Heart and Circulatory system: - heart rate 

- blood flow and opening or narrowing of blood vessels 

- cardiac tissue metabolism 

- heart growth and repair

- heart muscle cells

- risk of cardiovascular disease


- synthesis of proteins involved in muscle contraction

- muscle inflammation, repair , recovery

- muscle mass

- energy metabolism and insulin sensitivity 

Bones and connective tissue:

- differentiation of bone marrow stem cells

- bone growth, formation, ad turnover

- bone mass and density

- cartilage repair and maintenance

- bone and connective tissue mineralization


- blood pressure regulation

- electrolyte absorption or excretion

- regulate of mineralocorticoids( cortisol) waste production 


- airway disease symptoms ( asthma, chronic obstructive pulmonary disease

- response to respiratory pathogens and toxins ( bacteria, smog, cigarette smoke)


- glucose metabolism and regulation

- lipid metabolism and regulation 

- detoxifications

GI Tract:

- digestion, nutrition absorption, and excretion 

- appetite, hunger and fullness

- gut microbiome

Immune System:

- inflammation

- autoimmune and allergic disease symptoms

- function and proliferation of immune cells such as macrophages, monocytes, and natural killer cells 

- Immune cytokine response 

Cycles of light and dark are powerful cues , teaching our body when to be awake and when to sleep, or when to do particular metabolic functions can affect our rhythms as well. These also include physical activity, eating, environmental temperature, sensory stimulation, social interactions and the changing of the seasons. 

Sleep is so powerful, but you think how do I adjust this and make it easier on me? Create a sleeping ritual that fits with your schedule. Pick one aspect of your sleep to work on for a few weeks. Once you have achieved this goal, then add another little sleep ritual. Adding these small incremental tasks as you learn how to adjust with your sleep ritual will help you create a new healthier habit and it will be easier every time you add a new one in.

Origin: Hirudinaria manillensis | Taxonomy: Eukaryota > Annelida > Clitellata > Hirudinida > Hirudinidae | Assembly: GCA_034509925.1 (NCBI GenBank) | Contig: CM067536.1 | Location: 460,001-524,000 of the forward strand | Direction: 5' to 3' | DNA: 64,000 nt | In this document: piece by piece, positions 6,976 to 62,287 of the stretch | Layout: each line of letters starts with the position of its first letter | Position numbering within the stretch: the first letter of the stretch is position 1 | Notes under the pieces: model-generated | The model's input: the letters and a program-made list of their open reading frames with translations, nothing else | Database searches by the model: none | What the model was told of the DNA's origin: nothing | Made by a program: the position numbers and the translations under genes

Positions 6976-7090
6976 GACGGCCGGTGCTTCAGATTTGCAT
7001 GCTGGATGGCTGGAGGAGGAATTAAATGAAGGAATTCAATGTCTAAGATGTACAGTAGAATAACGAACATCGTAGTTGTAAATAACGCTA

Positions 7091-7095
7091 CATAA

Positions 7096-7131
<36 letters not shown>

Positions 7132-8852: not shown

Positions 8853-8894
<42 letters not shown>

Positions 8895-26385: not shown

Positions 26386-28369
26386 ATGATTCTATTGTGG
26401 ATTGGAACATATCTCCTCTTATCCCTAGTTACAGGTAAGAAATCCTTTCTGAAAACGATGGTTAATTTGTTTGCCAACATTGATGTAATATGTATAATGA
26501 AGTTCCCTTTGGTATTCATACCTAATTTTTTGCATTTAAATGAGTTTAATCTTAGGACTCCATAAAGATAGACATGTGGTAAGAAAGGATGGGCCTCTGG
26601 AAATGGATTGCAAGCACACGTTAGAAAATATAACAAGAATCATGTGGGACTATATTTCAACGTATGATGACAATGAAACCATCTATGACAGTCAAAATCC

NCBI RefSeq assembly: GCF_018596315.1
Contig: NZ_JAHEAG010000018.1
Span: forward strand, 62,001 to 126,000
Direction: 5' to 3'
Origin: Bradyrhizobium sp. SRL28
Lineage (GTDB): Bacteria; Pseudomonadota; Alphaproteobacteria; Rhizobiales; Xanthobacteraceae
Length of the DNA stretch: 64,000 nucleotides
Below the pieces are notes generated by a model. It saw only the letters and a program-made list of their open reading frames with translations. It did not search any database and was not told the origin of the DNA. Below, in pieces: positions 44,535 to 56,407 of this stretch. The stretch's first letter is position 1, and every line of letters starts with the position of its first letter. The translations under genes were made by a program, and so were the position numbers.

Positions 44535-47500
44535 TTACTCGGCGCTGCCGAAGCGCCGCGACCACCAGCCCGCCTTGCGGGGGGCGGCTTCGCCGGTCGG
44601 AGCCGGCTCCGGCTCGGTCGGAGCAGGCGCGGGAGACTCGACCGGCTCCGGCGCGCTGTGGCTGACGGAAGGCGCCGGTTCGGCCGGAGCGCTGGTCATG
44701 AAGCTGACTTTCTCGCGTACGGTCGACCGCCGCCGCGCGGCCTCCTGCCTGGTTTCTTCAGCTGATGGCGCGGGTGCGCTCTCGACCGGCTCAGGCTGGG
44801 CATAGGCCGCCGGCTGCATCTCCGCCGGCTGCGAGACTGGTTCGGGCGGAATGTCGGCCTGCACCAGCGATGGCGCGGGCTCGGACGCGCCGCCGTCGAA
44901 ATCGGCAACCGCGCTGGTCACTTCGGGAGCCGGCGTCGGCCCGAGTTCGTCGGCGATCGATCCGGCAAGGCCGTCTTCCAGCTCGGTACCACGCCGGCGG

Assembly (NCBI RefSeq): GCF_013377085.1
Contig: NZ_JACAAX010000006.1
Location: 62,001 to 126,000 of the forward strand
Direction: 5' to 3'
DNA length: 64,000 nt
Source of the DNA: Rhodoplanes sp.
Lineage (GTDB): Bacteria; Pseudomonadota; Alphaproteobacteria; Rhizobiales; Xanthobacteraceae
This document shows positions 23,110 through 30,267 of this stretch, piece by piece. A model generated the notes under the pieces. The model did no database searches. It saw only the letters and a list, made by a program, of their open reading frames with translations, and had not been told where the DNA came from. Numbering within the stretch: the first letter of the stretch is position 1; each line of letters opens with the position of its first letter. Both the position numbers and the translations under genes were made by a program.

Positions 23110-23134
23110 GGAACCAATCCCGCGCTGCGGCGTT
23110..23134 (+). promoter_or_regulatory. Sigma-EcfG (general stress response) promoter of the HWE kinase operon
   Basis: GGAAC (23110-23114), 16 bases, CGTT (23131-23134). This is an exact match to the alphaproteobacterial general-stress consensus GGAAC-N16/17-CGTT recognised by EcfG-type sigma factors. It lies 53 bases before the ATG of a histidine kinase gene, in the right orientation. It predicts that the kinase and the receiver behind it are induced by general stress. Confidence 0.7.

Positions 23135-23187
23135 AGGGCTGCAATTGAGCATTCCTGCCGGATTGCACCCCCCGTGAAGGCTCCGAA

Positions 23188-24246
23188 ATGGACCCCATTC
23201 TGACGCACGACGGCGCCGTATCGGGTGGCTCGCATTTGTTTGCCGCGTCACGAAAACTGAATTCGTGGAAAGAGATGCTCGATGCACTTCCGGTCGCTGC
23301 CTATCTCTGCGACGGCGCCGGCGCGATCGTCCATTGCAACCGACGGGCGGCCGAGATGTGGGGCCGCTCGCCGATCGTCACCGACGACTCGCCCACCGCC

Here are a few examples that you can try to add into your sleeping ritual .

- Dimming lights or investing in black out curtains

-  Setting an alarm to tell you to go to bed at a set time, schedule a reminder 1 to 2 hours to remind you that you should start winding down

- Have a cool or hot shower/ bath 

- listening to calm music

- Turn of stimulating electronics 

- Write in a journal and doing a " brain dump" of all your worries and concerns from that day

- deep breathing like the techniques we went over a few week ago!

- Using aromatherapy to help you relax

- Drink some non caffeinated tea before bed

- Cut down on caffeine or other stimulates 8 hours before scheduled bed time

Now that I gave you a little bit more insight on how important sleep it, I want all of you to give one of these techniques a try for 2 to 3 weeks and see if you notice a difference!

Happy experimenting and stay healthy !

Reference to PN nutrition for more information on sleep!